Iron Spoons, Tinware,
Flannels, Cassimei es,
Calicoes, Mourning Muslins,
Just received and for salo by
COFFI?T & RAVElfEL,
West side Assembly street,
Sept 8 3?_Near Washington.
fyQQ CALICOES, assorted pat
1,000 yds. superior LONG CLOTH.
20 doz. Ladies' GLOVES, assorted.
A large assortment Gentlemen's BOOTS,
Ladies' SHOES, Men's BROGANS, Ac.
For sale by KENNETH & GIBSON.*
Sept 8 3
Bacon, Lard, Etc.
1,000 LB8K HAMS, SIDES
500 lbs. superior LARD.
50 bushels SWEET POTA
ITOJSS. For salo low by
Sept 8 3 KENNETH & GIBSON.
Wool ctxxd Felt
5 DOZ. assorted WOOL HATS.
10 doz. fine Black FELT HATS.
50,000 PERCUSSION CAPS.
50 lbs. RIFLE POWDER. For ?ale bv
Sept 8 3 KENNETH & GIBSON.
GEN'b COMMISSION MERCHANT.
Office Main Slreet, Cotton Town,
COLUMBIA, S. C.,
WILL give his prompt and personal
attention to sale and purchase of
COTTON, MERCHANDIZE and all kinds of
He is prepared to receive and store cot?
ton, and also to repack cotton that may be
in uumerchantable order. Sept 7 ?
MORDECAI & CO.,
North-east Corner of Gay and Lombard
Streets, Opposite Custom /louse, Baltimore.
THE undersigned have established a
house in this city, under the style of
MORDECAI & CO., for the purpose of car?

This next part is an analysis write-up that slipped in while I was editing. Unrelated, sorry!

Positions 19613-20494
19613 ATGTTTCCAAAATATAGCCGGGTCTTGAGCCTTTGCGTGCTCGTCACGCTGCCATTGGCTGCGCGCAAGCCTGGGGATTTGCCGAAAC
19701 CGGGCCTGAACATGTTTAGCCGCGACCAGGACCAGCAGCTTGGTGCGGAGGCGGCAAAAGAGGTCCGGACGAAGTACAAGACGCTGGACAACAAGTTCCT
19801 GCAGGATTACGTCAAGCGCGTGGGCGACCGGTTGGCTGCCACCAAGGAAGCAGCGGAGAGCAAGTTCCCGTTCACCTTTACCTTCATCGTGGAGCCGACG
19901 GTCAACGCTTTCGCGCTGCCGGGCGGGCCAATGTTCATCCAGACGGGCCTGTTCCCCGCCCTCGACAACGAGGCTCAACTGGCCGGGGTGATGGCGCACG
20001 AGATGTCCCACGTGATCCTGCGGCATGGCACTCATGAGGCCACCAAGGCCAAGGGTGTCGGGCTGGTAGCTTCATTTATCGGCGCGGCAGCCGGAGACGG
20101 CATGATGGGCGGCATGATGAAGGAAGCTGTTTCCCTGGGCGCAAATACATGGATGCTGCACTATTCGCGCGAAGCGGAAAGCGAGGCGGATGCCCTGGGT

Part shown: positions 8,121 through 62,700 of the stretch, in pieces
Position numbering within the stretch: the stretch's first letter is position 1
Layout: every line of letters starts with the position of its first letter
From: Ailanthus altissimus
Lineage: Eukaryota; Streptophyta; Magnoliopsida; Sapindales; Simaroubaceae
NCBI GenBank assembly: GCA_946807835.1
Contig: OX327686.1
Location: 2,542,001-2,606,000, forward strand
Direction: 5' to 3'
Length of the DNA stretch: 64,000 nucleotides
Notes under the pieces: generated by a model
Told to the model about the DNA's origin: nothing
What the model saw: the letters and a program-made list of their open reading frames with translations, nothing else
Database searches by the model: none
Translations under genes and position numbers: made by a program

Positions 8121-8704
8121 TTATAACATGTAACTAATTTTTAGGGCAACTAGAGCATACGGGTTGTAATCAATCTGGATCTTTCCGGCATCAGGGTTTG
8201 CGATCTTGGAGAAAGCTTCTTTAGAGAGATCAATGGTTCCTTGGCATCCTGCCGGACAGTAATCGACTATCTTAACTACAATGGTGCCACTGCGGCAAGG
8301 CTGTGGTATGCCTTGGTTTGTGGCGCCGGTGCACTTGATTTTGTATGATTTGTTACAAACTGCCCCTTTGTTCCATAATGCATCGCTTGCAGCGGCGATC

rying on a General Commission and Ship?
J. RANDOLPH MORDECAI.
Advances made on consignments to the
house of-Mordecai A Co., Charleston, S. C.
Baltimore, Aug. 1, 1865. Sept 4 m4*
AT HIS RESIDENCE,
Corner Blandina and Bull Streets,
FINK COI?SETTS, Black SEWING SILK,
Ladies' BUCK GAUNTLETTS and
Ladies' White KID GLOVES.
Ladies' Mourning and Emb'd H'DK'FS.
SILVER THIMBLES, SCISSORS.
Key Rings, Crape Collars.
Cologne, (pure and fine.)
Lnbin's Extracts, Pomade.
Butterfly Cravats, China Dolls.
Fancy Tuck Combs.
Black Flax Thread, Satinets.
Cassimere, for suits.
Embroidery Cotton, Silk Gloves.
Silk Tissue", for veils.
Bleached Shirting, Loather Belts.
DeBege, for travelling dresses.
Ladies' Merino Vests.
Low-priced Ladies' Hose.
Fancy Vest and Dress Buttons.
Diaper IHns, Agate Buttons.